Infected Blood Inquiry: Compensation must be paid 'immediately' and extended to wider family

Parents and children of the infected blood scandal victims should be entitled to compensation, according to the chairman of the enquiry. Martin Stew has the latest

Compensation for victims of the infected blood scandal should be paid "immediately" and extended to the parents or children of a victim if they weren't married, a report has set out.

An independent inquiry has published its second interim report, in which it recommends a £100,000 payment to recognise the deaths of people "as yet unrecognised" and to help "alleviate immediate suffering".

It states payments should also be widened out to include a victim's parent, child or sibling if they didn't have a spouse - something campaigners have long been calling for.

Chair of the independent inquiry, Sir Brian Langstaff, said some family members, including parents who lost children, remain "unrecognised" and "it is time to put this right".

The £100,000 would be an interim payment until the details of full settlements are laid out.

Thousands of patients were infected with HIV and hepatitis C through contaminated blood products in the 1970s and 1980s.

Jason Evans was four-years-old when his dad Jonathan died in 1993 after contracting both HIV and hepatitis C. The report sets out recommendations to include family members like him in the plans for compensation.

Speaking to ITV News, he said: "The biggest thing for me personally is the recognition that they were infected and they died because they were infected, and it was the fault of those who were in the decision making chairs at the hand of the state.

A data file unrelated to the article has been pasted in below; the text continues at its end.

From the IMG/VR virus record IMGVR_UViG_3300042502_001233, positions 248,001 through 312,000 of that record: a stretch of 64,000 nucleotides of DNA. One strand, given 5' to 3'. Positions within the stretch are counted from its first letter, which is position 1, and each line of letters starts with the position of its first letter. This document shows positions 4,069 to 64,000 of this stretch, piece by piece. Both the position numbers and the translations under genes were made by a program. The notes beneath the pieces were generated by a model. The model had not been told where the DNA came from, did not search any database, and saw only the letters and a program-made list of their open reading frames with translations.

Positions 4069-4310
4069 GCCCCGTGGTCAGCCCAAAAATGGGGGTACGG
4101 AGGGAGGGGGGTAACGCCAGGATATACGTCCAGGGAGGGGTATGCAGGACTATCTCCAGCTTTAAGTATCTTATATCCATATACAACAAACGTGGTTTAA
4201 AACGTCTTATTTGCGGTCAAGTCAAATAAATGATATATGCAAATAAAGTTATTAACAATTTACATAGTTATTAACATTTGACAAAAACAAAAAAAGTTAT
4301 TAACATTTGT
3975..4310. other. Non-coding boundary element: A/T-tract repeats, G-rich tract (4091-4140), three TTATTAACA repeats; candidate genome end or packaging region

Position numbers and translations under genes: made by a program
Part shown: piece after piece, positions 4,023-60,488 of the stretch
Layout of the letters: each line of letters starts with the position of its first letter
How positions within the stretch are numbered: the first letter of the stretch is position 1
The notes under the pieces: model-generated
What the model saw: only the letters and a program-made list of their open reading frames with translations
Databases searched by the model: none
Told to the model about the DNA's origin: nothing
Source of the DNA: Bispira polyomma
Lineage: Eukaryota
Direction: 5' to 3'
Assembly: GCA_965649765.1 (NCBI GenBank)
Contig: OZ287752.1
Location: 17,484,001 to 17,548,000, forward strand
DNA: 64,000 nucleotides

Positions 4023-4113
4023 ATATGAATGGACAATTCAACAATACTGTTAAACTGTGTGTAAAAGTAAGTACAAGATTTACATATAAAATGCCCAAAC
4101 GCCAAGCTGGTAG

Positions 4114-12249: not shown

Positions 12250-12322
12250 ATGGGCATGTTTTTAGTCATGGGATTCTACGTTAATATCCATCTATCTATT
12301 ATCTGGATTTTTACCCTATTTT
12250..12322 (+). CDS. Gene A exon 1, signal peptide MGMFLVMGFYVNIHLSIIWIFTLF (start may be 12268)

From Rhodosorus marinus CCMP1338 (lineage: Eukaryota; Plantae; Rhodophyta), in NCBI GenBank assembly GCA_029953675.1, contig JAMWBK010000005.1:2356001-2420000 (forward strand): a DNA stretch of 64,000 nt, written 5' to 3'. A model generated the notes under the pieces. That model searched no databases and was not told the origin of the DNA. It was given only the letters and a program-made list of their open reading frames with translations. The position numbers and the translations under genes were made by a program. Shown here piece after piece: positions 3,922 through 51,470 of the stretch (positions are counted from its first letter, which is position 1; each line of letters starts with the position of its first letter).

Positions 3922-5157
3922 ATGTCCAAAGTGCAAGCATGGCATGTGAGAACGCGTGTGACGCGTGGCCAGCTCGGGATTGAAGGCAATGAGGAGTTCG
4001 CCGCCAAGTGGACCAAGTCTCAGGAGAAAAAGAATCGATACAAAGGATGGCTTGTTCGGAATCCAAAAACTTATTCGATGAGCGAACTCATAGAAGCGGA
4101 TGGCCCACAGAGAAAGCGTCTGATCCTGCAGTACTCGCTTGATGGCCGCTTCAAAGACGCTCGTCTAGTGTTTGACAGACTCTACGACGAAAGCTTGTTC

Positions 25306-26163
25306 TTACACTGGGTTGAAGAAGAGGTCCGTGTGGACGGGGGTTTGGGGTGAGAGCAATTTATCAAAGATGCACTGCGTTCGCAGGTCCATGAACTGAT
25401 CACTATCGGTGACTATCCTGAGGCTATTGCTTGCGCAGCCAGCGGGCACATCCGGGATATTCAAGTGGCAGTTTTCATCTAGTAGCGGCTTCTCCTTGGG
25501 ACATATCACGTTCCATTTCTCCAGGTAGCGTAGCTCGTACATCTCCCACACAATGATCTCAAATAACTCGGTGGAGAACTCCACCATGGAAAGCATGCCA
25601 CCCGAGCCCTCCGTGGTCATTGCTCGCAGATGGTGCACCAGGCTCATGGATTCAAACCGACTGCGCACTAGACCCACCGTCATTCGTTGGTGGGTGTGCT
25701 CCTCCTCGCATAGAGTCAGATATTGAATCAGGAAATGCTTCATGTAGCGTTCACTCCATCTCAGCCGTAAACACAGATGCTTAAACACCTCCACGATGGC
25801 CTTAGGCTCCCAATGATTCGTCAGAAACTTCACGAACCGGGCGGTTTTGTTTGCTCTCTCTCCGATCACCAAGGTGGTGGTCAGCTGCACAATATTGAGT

"That recognition is the single biggest thing in all honesty, to know that their lives mattered just as much as everyone else's."

'Their lives matters just as much as everyone else's' - families of victims who died from infected blood respond to the latest report from the inquiry

The key figures

  • More than 30,000 were infected by transfusions or treatment for bleeding disorders

  • 26,800 contracted hepatitis C - more than 1,800 died as a result

  • Around 1,350 people were infected with HIV - half of those died as a result

  • It's estimated around 3,000 people have died in total

More people were infected with hepatitis B as a result of transfusions or treatment with infected blood, but there is no data on how many victims might have died as a result.

For the first time, the report published on Wednesday sets out recommendations for victims of hepatitis B to also be included in the compensation scheme.

The inquiry was requested by former Prime Minister Theresa May in 2017 Credit: Infected Blood Inquiry/PA

The Infected Blood Inquiry was requested by former Prime Minister Theresa May in 2017, who described the scandal as "an appalling tragedy which should simply never have happened".

Giving evidence to the inquiry last year, former Health Secretary Jeremy Hunt said it could be seen as a "huge failing of democracy" that victims have had to wait so long for justice.

Wednesday's report refers back to recommendations in an another independent report by Sir Robert Francis KC in June 2022, which advised ministers that victims should receive interim payments of at least £100,000.

'It's time to put this right', says chair of the inquiry Sir Brian Langstaff

The government has previously stated it will wait for the full report to be published before announcing a compensation framework, but has already accepted that "wrongs were done" and failings with the initial response "caused additional suffering" for years.

Responding to the report on Wednesday, a government spokesperson said: "The infected blood scandal should never have happened. Sir Brian Langstaff’s interim report will help the UK Government and Devolved Administrations to meet our shared objective to be able to respond quickly when the Inquiry’s final report is published in the autumn. “We thank the Chair and the Inquiry team for this detailed interim report and the Government is continuing preparations for responding to the final report when it is published.”

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